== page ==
The Francis Cope House
The Cope House serves as the administrative headquarters of the Awbury Arboretum Association. Visitors are welcome to tour the first-floor hallway, parlors, and interpretive room during business hours. Offices are on the second and third floors. Please check our Hours & Admission page for more details.
History of Cope Family
Philadelphia shipowner Henry Cope bought forty acres of farmland in East Germantown near the home of his daughter and son-in-law, Mary Cope and John Smith Haines. At that time, Germantown — which was not yet part of the City of Philadelphia — was largely undeveloped and an ideal place for country living.
Eventually, Henry built a summer home here in 1854 for himself and his wife Rachel, his two married sons Francis and Thomas and their families, and an unmarried daughter, Ruth Anna.
The family named the estate Awbury, after the village of Avebury in Wiltshire, England, from which they had originally emigrated.
As the families grew, they began to build other houses on the estate. Subsequently, in 1861, Francis, Henry’s oldest son, and his wife, Anna, built their home and settled here permanently.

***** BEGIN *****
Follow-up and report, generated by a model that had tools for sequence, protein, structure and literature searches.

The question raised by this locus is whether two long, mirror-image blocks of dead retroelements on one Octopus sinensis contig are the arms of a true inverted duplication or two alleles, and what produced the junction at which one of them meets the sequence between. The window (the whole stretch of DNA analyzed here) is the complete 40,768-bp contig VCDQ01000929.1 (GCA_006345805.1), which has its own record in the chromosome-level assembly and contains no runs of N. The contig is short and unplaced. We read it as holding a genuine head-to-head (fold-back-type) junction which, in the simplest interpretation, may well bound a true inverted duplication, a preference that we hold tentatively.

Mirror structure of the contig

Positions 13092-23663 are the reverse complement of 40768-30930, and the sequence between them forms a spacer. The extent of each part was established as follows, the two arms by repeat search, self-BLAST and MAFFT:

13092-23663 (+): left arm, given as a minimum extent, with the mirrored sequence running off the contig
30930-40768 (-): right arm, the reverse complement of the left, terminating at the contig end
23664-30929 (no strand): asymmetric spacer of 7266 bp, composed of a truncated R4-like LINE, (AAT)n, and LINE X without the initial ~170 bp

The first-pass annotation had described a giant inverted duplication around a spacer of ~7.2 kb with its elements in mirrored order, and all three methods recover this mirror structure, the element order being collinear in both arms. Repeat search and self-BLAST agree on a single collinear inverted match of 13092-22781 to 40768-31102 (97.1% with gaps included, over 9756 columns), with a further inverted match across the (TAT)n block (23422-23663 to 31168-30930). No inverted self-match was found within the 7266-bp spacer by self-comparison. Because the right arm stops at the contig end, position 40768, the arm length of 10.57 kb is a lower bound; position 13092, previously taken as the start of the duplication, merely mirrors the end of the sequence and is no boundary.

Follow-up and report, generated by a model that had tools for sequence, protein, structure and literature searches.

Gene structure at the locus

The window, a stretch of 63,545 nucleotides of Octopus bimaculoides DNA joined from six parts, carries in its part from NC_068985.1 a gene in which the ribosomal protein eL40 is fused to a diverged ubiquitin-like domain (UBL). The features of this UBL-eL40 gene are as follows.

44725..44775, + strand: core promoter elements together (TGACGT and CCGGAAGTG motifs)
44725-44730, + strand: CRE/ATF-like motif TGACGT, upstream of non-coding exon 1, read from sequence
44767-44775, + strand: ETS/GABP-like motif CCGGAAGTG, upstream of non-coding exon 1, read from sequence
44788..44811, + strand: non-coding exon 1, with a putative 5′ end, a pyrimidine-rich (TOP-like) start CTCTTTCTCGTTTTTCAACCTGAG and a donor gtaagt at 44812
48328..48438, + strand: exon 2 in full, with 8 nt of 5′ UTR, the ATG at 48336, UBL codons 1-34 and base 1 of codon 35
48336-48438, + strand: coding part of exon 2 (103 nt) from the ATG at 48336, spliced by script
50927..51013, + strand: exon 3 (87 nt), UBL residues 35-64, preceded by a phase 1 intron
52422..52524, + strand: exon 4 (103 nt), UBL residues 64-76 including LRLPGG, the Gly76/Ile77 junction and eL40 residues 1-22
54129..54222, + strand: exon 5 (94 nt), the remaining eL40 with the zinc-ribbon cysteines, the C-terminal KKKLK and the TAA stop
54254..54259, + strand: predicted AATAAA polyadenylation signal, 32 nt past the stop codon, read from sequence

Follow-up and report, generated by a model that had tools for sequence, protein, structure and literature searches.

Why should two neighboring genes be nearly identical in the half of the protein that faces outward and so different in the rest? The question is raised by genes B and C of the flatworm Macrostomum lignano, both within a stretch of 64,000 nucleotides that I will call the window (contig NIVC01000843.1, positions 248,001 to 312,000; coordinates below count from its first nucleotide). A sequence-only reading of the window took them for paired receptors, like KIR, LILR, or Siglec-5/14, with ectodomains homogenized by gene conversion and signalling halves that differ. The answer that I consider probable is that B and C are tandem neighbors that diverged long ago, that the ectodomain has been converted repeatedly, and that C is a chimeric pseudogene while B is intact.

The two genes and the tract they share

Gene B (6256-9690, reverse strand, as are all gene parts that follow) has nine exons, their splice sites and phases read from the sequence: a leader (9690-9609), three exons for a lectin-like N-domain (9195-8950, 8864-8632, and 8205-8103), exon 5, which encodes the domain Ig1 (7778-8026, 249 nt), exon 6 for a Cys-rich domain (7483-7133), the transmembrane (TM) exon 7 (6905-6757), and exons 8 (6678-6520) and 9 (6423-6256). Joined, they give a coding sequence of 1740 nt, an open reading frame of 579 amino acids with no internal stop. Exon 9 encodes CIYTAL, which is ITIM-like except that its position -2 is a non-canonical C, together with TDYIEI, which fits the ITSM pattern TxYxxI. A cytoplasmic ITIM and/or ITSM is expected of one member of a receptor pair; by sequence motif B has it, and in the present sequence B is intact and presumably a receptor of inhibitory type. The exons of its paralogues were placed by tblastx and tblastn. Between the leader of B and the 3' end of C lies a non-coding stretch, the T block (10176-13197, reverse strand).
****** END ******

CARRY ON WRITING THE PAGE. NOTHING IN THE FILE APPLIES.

Francis Cope’s life
Francis Reeve Cope was born on June 6, 1821. He attended Haverford College (1835-1838) and later married Anna Stewardson Brown (2/7/1822-1/4/1916) on December 16, 1847. Among several roles in the business world, he was Director of the Insurance Company of North America (1864), the Lehigh Valley Railroad, and a member of Germantown Monthly Meeting. He was an Overseer of the William Penn Charter School for 33 years and played an instrumental part in the school’s purchase of the Pinehurst tract in western Germantown in 1903. This led to the school’s relocation from downtown to Germantown in 1925. Francis R. Cope also served on the Boards of Bryn Mawr College, Friends Asylum, and Haverford College. He died on November 6, 1909, and his heirs donated Awbury to the city in 1916.
Style of house
The Francis Cope House is built of Wissahickon schist from a quarry on the side of Washington Lane, opposite the house. The house is large and elegant, built in the Victorian style, but not ostentatious. The construction of the home reflects Quaker ideals of simplicity.